Table of Content
Tether has communicated to Cake DeFi that since the latter is controlled by “another corporation that resides in Singapore,” it is precluded from redeeming USDT.
Cake DeFi CEO Reveals Tether Communication
Julian Hosp, CEO of Cake DeFi, shared an email he received from Tether outlining the modifications to its terms. The key takeaway from these changes is that Tether will no longer facilitate the conversion of its stablecoin, USDT, into U.S. dollars.
The heart of Tether’s altered terms lies in the limitations imposed on specific customer categories. The company has just recently opened up its USDT loans after halting them for a year.
Notably, these terms now prohibit companies influenced by another corporation, as well as directors and stakeholders in Singapore, from becoming eligible Tether clients.
Reactions And Speculations
The term “influenced by another corporation” has raised eyebrows within the cryptocurrency community. Cake DeFi received a directive categorizing them as a firm “influenced by another corporation in Singapore,” rendering them ineligible for issuing or receiving redemptions on Tether’s platform.
This Tether term alteration has not gone unnoticed, particularly by users on social media platforms like X (formerly known as Twitter). Some have linked it to Singapore’s recent cryptocurrency money laundering case, where authorities seized over $2 billion in assets.
Additionally, there are speculations that these changes in USDT redemption rules specifically target Cake DeFi, fueling suggestions of potential strains in their relationship with Tether.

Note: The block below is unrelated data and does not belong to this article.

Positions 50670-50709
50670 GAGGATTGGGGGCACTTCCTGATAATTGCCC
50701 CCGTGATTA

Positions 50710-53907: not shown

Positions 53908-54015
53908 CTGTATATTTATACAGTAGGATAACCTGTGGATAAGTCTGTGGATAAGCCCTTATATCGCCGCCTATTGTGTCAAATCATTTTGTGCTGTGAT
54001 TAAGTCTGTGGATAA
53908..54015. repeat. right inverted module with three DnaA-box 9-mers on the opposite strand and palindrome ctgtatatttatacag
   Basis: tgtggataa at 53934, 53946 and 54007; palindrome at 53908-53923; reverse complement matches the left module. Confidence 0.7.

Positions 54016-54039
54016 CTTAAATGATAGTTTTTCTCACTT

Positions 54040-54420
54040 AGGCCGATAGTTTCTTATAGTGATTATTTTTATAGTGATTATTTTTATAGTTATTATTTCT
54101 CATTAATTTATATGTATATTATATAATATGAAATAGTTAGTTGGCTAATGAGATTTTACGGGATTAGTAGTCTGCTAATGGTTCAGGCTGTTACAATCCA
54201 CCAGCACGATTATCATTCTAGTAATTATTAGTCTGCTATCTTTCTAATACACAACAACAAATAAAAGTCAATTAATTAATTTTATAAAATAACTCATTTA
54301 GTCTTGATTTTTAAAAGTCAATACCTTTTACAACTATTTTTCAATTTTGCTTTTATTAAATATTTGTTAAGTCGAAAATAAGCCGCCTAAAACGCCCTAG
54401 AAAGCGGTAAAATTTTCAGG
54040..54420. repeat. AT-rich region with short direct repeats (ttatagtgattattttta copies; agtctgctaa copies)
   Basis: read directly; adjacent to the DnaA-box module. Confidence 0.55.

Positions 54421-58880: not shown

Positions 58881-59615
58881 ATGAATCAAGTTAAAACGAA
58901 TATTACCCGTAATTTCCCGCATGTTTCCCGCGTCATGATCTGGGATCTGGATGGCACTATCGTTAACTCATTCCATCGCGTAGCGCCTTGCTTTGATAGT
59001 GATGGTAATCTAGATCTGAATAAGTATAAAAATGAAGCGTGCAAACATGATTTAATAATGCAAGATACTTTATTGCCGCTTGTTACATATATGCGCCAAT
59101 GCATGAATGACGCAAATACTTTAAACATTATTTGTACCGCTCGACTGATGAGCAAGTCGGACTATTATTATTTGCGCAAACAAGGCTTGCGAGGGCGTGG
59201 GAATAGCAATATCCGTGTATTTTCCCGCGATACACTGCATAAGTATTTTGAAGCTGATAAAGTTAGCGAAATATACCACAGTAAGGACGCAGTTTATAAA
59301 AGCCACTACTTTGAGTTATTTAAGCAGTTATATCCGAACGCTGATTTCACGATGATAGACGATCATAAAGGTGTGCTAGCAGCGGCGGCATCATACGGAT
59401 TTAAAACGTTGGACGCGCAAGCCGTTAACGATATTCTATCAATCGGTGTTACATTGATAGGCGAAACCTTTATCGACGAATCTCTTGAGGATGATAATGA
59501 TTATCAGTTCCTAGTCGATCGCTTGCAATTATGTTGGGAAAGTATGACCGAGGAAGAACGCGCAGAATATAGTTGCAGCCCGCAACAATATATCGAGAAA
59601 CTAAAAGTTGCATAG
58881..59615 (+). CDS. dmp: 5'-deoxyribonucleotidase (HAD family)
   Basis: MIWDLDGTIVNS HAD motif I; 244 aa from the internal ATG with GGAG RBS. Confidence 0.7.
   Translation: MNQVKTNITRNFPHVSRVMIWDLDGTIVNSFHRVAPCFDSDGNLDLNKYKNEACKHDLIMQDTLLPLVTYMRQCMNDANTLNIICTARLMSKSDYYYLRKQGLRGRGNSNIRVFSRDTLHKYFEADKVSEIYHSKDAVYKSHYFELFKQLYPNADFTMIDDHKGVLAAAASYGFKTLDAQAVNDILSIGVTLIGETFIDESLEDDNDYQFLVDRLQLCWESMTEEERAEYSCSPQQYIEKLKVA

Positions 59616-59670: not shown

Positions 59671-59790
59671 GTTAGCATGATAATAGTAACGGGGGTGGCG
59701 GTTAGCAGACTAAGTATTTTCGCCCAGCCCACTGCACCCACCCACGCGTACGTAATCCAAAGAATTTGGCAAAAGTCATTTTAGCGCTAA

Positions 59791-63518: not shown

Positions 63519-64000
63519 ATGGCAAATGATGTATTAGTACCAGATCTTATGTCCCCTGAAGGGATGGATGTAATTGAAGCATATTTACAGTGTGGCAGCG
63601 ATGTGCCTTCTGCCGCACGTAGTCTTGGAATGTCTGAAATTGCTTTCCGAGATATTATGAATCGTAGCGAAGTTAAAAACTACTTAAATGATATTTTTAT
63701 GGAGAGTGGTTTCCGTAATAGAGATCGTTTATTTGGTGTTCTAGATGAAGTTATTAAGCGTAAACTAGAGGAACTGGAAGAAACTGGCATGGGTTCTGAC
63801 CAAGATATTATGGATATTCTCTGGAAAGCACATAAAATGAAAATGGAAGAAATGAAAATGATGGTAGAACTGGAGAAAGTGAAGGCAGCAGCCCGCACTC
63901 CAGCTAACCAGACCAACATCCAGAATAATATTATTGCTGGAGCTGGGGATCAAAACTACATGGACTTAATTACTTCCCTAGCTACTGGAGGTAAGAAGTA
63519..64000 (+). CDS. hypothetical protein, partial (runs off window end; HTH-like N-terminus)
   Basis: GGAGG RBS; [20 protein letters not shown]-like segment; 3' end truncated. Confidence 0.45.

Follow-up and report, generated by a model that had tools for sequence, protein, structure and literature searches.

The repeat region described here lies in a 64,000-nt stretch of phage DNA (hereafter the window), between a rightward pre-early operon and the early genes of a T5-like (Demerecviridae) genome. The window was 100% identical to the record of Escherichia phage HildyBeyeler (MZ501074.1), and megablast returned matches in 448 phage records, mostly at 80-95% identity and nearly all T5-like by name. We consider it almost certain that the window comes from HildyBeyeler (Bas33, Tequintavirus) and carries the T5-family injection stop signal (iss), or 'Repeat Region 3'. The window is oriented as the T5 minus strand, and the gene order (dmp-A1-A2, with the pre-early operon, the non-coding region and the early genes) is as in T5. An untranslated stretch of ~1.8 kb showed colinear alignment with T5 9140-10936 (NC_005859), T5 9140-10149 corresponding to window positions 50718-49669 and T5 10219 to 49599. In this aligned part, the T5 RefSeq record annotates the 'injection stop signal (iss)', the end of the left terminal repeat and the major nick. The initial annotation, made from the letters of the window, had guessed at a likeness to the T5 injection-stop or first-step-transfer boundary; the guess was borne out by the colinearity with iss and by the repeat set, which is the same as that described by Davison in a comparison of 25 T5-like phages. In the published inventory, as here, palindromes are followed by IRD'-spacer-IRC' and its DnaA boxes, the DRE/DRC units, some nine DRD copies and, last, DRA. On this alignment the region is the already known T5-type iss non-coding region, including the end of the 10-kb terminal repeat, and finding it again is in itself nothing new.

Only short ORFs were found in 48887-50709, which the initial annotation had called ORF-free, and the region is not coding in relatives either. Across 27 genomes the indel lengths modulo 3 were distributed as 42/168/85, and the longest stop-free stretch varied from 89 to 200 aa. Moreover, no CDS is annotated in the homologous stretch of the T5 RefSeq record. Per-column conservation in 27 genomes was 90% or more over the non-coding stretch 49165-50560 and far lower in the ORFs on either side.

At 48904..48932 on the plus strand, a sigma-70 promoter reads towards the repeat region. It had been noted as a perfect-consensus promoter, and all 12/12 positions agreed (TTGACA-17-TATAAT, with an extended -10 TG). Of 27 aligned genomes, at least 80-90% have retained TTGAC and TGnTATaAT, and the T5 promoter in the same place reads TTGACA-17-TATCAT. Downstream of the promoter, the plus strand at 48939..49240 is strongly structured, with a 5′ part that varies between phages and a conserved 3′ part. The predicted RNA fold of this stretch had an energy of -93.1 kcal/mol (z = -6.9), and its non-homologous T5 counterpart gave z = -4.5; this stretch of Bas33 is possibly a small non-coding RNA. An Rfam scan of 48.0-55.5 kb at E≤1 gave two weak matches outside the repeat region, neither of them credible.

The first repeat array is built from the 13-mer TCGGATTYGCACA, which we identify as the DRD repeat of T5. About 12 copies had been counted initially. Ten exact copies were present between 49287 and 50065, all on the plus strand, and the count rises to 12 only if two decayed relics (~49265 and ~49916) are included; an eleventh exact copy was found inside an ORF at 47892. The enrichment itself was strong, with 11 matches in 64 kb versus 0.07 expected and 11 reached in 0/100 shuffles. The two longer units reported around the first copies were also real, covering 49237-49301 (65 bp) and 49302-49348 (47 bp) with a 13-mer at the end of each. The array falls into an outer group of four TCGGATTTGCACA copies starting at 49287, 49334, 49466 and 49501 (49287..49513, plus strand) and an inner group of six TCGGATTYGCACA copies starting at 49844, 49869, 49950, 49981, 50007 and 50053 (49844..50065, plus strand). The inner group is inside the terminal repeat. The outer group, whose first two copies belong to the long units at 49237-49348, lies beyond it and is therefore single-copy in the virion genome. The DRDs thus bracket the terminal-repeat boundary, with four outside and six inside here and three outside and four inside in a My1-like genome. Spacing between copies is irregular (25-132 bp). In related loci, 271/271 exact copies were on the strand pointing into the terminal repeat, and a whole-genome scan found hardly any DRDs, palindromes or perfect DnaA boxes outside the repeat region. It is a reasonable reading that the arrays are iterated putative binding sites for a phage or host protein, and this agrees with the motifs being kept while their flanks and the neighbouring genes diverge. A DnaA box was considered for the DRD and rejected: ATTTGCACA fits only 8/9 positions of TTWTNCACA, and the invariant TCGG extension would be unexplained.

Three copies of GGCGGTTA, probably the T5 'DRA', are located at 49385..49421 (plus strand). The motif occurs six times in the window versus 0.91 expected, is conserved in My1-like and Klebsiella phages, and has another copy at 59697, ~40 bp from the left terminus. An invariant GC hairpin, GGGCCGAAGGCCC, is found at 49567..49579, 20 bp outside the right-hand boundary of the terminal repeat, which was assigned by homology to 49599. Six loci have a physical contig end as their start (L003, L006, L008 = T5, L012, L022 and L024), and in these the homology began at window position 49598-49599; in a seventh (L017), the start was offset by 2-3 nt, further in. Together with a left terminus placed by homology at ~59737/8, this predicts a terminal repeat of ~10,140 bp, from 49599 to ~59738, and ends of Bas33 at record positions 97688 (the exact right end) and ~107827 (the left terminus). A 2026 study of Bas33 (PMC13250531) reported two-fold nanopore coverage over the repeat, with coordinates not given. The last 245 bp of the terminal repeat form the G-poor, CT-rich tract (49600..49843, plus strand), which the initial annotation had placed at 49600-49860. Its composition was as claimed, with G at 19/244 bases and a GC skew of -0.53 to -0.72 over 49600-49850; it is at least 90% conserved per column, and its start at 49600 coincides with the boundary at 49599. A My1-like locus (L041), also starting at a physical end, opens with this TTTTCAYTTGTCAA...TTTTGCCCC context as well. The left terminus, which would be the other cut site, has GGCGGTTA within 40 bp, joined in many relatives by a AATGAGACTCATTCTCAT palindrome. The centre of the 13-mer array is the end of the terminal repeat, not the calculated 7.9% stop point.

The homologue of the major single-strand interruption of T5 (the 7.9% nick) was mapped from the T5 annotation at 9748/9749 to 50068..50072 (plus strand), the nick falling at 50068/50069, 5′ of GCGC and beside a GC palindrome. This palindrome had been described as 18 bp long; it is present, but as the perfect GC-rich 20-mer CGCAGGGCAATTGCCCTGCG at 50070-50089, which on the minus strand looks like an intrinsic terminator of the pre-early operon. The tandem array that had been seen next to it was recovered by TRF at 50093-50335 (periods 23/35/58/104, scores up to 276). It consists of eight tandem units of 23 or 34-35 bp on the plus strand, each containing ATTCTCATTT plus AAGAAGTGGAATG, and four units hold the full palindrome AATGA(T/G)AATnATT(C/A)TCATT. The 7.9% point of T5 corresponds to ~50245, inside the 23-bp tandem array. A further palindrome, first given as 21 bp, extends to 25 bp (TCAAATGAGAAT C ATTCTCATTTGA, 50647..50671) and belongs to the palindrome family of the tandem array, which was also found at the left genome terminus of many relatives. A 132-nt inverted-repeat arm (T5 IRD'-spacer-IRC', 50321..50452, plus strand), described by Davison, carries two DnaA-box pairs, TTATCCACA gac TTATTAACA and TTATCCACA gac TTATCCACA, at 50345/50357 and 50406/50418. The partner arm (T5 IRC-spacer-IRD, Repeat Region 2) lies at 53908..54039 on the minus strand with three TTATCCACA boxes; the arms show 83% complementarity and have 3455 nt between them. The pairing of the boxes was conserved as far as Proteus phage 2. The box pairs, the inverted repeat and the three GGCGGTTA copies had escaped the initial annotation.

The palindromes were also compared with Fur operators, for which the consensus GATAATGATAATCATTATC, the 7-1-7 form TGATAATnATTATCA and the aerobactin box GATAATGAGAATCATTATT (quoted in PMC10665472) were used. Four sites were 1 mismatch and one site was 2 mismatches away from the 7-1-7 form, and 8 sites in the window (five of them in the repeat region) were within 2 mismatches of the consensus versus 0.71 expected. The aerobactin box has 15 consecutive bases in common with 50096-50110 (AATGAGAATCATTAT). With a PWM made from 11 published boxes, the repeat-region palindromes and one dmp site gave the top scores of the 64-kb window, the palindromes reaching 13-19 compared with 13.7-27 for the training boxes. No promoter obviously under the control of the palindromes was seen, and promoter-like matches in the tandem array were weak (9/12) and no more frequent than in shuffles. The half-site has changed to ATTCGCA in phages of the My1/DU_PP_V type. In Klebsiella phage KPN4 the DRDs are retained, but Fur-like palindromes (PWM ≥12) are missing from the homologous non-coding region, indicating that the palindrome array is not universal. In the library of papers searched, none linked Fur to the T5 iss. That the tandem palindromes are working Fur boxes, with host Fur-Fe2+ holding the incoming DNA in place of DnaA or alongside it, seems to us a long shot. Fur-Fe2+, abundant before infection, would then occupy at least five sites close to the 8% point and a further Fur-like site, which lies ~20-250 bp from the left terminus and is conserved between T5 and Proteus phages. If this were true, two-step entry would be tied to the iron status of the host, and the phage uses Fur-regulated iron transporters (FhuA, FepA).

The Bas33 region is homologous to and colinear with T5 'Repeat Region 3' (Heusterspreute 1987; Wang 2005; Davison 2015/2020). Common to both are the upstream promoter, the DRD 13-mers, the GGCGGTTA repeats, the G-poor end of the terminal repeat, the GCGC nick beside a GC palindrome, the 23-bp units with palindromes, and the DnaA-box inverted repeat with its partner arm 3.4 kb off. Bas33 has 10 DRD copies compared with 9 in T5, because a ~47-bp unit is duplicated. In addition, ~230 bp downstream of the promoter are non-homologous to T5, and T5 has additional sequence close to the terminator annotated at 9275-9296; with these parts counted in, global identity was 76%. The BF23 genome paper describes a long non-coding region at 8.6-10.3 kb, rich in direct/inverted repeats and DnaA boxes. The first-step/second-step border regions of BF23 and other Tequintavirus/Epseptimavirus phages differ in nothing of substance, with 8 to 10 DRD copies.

In response to these developments, a Tether spokesperson responded, emphasizing their commitment to regulatory compliance.
“Tether has a meticulous onboarding process which is in full compliance with global regulations, including the guidelines set forth by Singapore regulators. This commitment to compliance is unwavering and remains a cornerstone of our platform.”
Tether’s CTO, Paolo Ardoino, also mentioned on Twitter that Singapore had been listed as a Prohibited Jurisdiction since May 12, 2020, and that their Terms and Conditions related to Singapore entities had remained unchanged since then.
However, Tether did not address why Cake DeFi received the notification only on September 25, 2023.
Implications for Crypto Landscape
Tether’s decision could have immediate consequences for businesses like Cake DeFi. Furthermore, these changes may have broader implications for the cryptocurrency ecosystem in Singapore and potentially beyond.
Despite the motivations behind Tether’s move being unclear, this situation underscores the importance of adaptability and responsiveness for both companies and investors operating in the cryptocurrency space, especially in the backdrop of the current fluctuating regulatory environment.
Disclaimer: This article is provided for informational purposes only. It is not offered or intended to be used as legal, tax, investment, financial, or other advice.